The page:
The hat is so valuable to him that he gives it Phoebe, and act that obviously reveals something about both hat and sister. But the hat is no great protector. He had worn in in Central Park and it hadn't kept little chunks of ice from forming of his wet hair. He gets back the hat as well as a kiss from Phoebe just before her second ride on the carousel. "My hunting hat really gave me quite a lot of protection (from the rain), but I got soaked anyway, I didn't care, though. I felt so damn happy all of the sudden." By then the hat had served its purpose. He had it when he had needed it. It has served as an aid in patching up his quarrel with Phoebe. And hat or no, he is going to stand there in the rain and he is going to watch and he is going to love Phoebe and he is going to get pneumonia.

Both Holden's "speaking voice" and the question of whom it is that Holden is talking to it is relevant to any discussion of the novel's essential value and Holden's puritanical nature. Holden's usage level is that of average high school student. It is not subnormal, it is not pretentious, and, aside from a liberal sprinkling of goddamn, it is not profane. He says: "I and Allie used to..." "While I was laying there..." "... where I was at." "...the guy on the horse's picture..." and "D.B. took Phoebe and I to see it."

Holders qualifying and intensifying words are, generally speaking, on the high school level: "quite touchy," "pretty personal," "pretty run-down," "next month, maybe," "very big deal," "pretty nice girl," "pretty dark," "pretty healthy."

Holden's expressions that indicate the indefiniteness of youths are meager in variety and consistent through the novel: "suicide or something," "we sort of struck a conversation," "applying myself and all," "no gloves or anything," "no sun out or anything," "their own room and all," "just be polite and all," "thinking and all."

Holden's exaggerations and extremes are typical of youth: "lousy childhood," "two hemorrhages apiece," "around two hundred miles an hour," "for about ten years," "for about ten days," "for the fiftieth time," "for about ten hours," "for about ninety years," "boring to do that every two minutes," "I practically got t.b.," "about a thousand magazines," D.B.'s bed is "about ten miles wide and ten miles long," " some lady around 100 years old."

The question of whom it is that Holden is talking to takes up a surprising number of pages in the critical journals. The general opinion is that he is talking to his psychoanalyst. Holden is telling, not writing the story. If he had written it there would have to have been, among other changes, many misspellings. He is talking to someone who cares about him, if not personally, then professionally. "If your really want to hear about it..." is a part of the first sentence. "That's all I'm going to tell you about" is a part of the last chapter. Does the listener have to be someone from his own background? Of course -- at least as to word choice and interest. Holden isn't going to tell his story to just anyone. It is apparent that his listener is somewhat like Holden in regard to a sensitivity about truly crude events. Holden several times tells his listener that he can't divulge the details; they're simply too much. So perhaps the person has to be someone quite like Phoebe -- as well as Holden himself. But of course he isn't telling the story to Phoebe because too much of it is about Phoebe. Nor is it D. B., because the book closes with the statement "D. B. asked me what I thought about all this stuff I just finished telling you about."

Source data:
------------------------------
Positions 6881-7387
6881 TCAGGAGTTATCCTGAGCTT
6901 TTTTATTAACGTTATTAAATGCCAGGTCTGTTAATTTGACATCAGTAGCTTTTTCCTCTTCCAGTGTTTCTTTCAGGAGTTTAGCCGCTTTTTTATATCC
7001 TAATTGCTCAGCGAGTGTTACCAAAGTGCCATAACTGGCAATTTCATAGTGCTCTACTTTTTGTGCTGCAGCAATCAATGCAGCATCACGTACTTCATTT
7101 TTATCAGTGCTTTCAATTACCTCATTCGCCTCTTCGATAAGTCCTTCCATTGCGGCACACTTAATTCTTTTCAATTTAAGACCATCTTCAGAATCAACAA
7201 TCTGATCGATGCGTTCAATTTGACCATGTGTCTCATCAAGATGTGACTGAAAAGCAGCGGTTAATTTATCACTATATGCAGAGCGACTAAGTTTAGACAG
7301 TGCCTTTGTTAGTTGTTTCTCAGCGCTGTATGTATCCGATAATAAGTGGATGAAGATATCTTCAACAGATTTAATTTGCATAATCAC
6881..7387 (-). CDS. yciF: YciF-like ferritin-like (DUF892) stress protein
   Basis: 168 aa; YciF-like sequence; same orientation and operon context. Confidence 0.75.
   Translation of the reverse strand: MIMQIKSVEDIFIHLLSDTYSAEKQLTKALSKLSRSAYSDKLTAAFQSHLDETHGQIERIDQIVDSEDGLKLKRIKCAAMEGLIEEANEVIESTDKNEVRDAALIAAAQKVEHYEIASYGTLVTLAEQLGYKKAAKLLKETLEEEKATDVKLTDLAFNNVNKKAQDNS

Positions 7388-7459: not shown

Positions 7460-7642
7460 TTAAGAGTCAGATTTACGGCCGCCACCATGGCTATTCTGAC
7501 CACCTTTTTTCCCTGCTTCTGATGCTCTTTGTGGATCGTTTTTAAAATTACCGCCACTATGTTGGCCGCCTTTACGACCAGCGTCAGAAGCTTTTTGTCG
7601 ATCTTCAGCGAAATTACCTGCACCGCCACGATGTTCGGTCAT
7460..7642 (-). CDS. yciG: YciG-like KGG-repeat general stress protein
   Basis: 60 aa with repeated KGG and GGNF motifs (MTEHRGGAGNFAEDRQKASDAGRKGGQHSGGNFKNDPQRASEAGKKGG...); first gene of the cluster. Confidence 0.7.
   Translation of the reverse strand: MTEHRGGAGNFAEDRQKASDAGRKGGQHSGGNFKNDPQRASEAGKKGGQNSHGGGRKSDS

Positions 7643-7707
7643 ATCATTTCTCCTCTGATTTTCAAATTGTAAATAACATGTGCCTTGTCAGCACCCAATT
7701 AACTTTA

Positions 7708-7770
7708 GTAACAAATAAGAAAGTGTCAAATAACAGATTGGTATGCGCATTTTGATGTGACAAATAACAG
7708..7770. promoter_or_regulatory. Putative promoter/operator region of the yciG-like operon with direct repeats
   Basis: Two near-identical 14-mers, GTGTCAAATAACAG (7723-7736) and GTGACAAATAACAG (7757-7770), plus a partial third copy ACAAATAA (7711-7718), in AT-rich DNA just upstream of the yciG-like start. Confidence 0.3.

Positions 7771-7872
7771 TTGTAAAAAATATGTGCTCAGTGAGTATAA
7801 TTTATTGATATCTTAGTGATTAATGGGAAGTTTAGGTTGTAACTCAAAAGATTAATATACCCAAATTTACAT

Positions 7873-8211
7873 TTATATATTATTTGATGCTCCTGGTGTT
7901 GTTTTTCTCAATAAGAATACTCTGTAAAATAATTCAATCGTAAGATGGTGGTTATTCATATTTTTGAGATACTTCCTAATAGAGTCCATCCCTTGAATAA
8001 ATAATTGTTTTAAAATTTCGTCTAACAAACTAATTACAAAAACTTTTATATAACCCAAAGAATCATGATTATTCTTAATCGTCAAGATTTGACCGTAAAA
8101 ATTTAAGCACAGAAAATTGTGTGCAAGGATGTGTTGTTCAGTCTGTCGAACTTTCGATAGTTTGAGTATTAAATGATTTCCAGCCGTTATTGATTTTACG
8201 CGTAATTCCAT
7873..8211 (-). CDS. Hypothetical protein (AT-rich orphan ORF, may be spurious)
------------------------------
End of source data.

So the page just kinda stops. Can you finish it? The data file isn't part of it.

And, more pertinently, it isn't the analyst either, for in the last chapter Holden says, "A lot of people, especially this one psychoanalyst guy they have here, keeps asking me if I'm going to apply myself when I go back to school next September." Silly questions aside, this means that Holden is talking to someone in a hospital, but not a mental hospital as some critics have concluded, but in a hospital in which he is being treated for the pneumonia that it is so obvious he is going to have. He is not talking to the analyst simply because there is but one analyst around, and he is not talking with him at this time but only at those other times when the analyst asks him about his next year's schooling.

Holden's story is told to a friend, and that friend is, as often as not, the reader. But it is not the reader who is appalled by the first four-letter word that he comes across. It is not the reader who doesn't want youth to be like the youth that Holden is and sees. It is not the reader who has heard that the book is subversive and immoral. The reader I have in mind is the one takes Holden's side and sees with him the phoniness of the world around them, who sees Holden's dilemma, who sees Holden's sensitivity, who sympathizes with Holden's love and fear for Phoebe, who joins Holden in his reaction against the conditions that exist. This is the kind of reader, the kind of person Holden is talking to. They're a bit lost, the two of them, a bit bewildered, at bit at odds with the world of today and yesterday and tomorrow, and they both sympathize with and admire Holden's good fight.